Saturday, June 14, 2008

Provena-Covenant Oral Argument Set for Wednesday, June 18

On the heels of Senator Grassley's less-than-favorable comments regarding tax-exemption for nonprofit hospitals (blogged by Darryll Jones earlier this week here), the Illinois 4th District Court of Appeals will hear oral argument in Provena-Covenant Medical Center v. Dept. of Revenue this Wednesday, June 18 at 9:00 a.m. in Springfield, Illinois (the oral argument calendar is available here).

For those who haven't kept up with this saga, Provena-Covenant is a nonprofit hospital located in Urbana, IL whose state property tax exemption was revoked by the Illinois Department of Revenue in September, 2006. The case actually began two years earlier, with a recommendation in 2004 by the Champaign County Board of Review (a citizens' board that reviews property tax disputes) to revoke Provena's exemption. Prior to the Board of Review's recommendation, Provena had received national attention (ignominy?) for its widespread use of the quaint Illinois procedural device called a "body attachment" that permits creditors to have debtors thrown in jail for missing a court hearing on a debt collection case. After a series of internal appeals to the Department of Revenue, the Director of the Illinois DOR, Brian Hamer, issued a final opinion revoking Provena's tax exemption, primarily on the grounds that Provena provided inadequate charity care - according to Hamer, Provena's charity care expenditures during the tax year in question (2002) amounted to less than 7/10 of 1 percent (0.7 percent) of its revenues. Hamer's opinion is available here.

Provena then appealed the DOR's decision to circuit court, and in an oral decision delivered from the bench, Circuit Judge Patrick J. Londrigan reinstated Provena's exemption on July 20, 2007. The DOR then appealed to the 4th District court of appeals, which is where the case currently stands.

The Provena case is fascinating on a number of fronts. One of the fascinating aspects is that the main issues in the case are essentially the same ones that the Utah Supreme Court considered over 20 years ago in the famous Utah County v. Intermountain Health Care decision: should tax-exemption for nonprofit hospitals be tied solely to charity care? If so, how much charity care is necessary? And how do we even define what charity care is (for example, should Medicare and Medicaid "shortfalls" count as charity care)? The Provena case highlights how little progress we have made in addressing these issues from a policy perspective over the past two decades. Provena also raises some questions about how relationships between a nonprofit and various for-profit sibling entities should affect exempt status. One of the things that troubled both the Champaign County Board of Review and Brian Hamer was how much of the operation of Provena was "outsourced" to sibling nonprofit and for-profit entities, and the fact that Provena made substantial distributions of net revenues to its parent corporation, Provena Health. I reviewed most of these issues in an article I wrote a couple of years ago about the Provena case that was published in the Loyola University Chicago Law Journal, 37 Loy. U. Chi. L.J. 493, available from Lexis here. An edited version of this article, updated to consider the DOR's final disposition of the case, was published by the Exempt Organizations Tax Review and is available on Lexis here.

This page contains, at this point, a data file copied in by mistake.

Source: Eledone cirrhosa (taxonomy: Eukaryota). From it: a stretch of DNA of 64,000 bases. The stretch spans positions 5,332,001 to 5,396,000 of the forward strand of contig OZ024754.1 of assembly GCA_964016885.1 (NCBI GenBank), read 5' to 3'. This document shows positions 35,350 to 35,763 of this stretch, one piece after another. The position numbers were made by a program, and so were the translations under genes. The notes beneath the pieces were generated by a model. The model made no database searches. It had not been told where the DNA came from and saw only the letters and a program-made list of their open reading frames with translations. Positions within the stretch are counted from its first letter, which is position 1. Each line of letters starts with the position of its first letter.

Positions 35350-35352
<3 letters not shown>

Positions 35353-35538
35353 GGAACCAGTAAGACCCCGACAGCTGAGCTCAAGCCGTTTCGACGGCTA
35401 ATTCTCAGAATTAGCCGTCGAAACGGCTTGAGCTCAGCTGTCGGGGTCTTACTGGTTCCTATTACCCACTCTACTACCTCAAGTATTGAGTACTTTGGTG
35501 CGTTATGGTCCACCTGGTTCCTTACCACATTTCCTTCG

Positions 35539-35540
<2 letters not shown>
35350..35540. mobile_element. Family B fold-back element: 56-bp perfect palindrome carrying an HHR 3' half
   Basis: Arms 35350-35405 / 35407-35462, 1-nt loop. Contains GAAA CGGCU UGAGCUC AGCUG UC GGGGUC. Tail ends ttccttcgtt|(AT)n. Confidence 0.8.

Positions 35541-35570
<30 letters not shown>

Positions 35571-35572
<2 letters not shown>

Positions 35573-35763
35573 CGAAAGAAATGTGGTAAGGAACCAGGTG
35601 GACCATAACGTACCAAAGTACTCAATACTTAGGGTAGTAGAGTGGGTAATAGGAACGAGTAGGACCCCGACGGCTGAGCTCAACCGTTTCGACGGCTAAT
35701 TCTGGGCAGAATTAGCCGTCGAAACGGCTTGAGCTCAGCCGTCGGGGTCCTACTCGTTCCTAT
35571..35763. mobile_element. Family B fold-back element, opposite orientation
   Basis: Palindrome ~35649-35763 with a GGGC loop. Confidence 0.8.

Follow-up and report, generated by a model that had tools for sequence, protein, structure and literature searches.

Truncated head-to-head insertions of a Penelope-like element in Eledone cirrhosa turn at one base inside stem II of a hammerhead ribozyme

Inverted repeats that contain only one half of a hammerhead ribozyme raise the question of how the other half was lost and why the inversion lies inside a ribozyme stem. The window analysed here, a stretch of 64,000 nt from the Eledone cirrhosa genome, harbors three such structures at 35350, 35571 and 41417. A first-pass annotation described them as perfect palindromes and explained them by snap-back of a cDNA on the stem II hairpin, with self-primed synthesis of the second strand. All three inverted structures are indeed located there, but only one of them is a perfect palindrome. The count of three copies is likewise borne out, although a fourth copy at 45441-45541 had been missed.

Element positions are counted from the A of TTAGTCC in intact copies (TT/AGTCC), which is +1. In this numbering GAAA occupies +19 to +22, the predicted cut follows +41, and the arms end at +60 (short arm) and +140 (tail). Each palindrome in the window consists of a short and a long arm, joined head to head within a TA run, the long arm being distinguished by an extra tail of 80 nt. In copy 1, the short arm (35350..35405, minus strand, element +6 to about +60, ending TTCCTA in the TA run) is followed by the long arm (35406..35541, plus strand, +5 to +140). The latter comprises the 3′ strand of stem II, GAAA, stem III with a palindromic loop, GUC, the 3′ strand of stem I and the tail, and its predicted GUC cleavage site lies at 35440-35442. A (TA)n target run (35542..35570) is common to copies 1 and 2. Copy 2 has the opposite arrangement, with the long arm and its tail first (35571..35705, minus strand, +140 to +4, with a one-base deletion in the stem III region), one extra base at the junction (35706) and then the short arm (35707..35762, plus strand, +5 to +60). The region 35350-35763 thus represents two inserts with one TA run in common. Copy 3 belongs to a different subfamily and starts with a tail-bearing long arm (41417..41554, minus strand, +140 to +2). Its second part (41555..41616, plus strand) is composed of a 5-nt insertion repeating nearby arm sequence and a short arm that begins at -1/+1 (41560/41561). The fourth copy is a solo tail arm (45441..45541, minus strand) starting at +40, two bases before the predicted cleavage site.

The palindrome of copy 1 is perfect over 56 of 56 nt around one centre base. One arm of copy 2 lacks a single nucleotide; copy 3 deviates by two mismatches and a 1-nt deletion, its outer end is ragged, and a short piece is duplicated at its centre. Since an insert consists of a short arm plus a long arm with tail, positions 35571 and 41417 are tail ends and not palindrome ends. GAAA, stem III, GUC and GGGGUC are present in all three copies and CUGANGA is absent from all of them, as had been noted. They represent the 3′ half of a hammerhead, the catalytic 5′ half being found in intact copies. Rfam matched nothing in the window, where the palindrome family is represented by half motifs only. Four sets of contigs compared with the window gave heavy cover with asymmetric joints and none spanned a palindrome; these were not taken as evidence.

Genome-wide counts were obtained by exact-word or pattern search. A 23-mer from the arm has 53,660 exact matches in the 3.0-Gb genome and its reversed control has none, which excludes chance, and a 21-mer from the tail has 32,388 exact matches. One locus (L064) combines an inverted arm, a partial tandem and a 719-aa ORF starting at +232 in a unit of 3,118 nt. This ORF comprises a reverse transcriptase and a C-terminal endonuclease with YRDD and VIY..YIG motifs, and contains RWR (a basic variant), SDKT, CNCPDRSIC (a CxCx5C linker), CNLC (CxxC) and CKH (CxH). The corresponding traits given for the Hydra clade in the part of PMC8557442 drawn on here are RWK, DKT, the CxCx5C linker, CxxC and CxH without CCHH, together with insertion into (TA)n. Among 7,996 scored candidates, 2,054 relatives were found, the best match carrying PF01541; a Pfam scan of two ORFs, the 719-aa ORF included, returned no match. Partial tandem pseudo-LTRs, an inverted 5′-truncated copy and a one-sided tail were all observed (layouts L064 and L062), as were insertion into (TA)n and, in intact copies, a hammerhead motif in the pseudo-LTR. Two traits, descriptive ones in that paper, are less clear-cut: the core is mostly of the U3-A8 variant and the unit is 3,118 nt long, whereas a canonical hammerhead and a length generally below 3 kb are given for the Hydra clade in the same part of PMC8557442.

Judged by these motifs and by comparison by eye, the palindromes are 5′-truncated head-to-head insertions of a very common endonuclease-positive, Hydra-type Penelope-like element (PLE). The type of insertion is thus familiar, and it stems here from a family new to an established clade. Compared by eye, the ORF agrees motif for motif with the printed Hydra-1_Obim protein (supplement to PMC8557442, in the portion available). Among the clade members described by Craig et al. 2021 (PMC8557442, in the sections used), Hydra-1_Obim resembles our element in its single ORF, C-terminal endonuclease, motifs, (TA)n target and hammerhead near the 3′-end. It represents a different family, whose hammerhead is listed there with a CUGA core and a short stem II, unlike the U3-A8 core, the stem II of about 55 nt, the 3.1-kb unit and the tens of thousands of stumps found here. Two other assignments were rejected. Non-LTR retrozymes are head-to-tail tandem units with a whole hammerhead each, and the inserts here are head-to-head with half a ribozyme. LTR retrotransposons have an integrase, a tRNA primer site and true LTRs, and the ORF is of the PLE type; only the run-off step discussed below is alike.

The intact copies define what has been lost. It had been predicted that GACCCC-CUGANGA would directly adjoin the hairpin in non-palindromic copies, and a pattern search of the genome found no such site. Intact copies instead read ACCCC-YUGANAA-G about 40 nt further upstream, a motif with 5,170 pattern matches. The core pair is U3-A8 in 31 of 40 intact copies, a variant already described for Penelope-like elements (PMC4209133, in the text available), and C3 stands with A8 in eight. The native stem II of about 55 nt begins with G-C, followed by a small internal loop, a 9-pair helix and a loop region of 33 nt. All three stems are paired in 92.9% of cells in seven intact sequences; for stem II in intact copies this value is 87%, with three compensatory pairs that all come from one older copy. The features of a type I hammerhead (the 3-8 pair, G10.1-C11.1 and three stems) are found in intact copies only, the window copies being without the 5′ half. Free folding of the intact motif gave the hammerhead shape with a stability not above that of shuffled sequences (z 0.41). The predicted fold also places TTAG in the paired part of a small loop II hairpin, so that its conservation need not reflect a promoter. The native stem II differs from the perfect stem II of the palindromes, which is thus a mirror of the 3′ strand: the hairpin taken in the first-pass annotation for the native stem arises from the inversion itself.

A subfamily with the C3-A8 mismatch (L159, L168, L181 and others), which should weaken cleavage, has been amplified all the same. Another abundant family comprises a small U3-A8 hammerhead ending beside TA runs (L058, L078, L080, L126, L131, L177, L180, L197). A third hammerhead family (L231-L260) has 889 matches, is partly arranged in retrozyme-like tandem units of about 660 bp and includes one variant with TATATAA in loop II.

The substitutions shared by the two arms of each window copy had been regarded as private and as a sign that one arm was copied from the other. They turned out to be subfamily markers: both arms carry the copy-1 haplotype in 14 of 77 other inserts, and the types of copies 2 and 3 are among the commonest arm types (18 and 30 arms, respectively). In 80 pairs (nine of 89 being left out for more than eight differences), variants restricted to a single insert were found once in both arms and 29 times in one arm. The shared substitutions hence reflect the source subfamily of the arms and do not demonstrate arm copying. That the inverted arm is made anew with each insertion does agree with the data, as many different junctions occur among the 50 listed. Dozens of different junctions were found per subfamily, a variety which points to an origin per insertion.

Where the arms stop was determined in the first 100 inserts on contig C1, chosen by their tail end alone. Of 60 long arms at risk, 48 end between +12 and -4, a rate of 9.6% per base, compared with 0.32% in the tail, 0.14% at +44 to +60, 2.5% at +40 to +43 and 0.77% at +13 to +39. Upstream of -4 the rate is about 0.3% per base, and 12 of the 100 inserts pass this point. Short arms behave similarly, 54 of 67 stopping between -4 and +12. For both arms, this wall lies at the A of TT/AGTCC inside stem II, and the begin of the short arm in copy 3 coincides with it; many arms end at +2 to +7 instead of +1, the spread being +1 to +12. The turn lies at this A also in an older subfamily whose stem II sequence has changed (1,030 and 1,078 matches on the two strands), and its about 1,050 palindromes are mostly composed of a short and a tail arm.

One final fascinating part of Provena: before the DOR and in the circuit court, Provena argued that even if it did not meet the standards for exemtion as a nonprofit hospital, it should be exempt as a religious organization (Provena is part of the Catholic Provena Health system). This argument basically was ignored by Brian Hamer in his opinion for the DOR, but Judge Londrigan stated in his opinion that the evidence established that Provena "satisfied the relevant factors used to determine qualification for charitable- and religious-exempt use for the real estate at issue in this proceeding.’’ It will be interesting to see how the 4th District handles this if it gets to that issue (I think that Rob Katz may be working on a research project that involves this very question).

If all goes well, I intend to attend the oral argument on Wednesday and will try to post a summary to the blog Wednesday afternoon.


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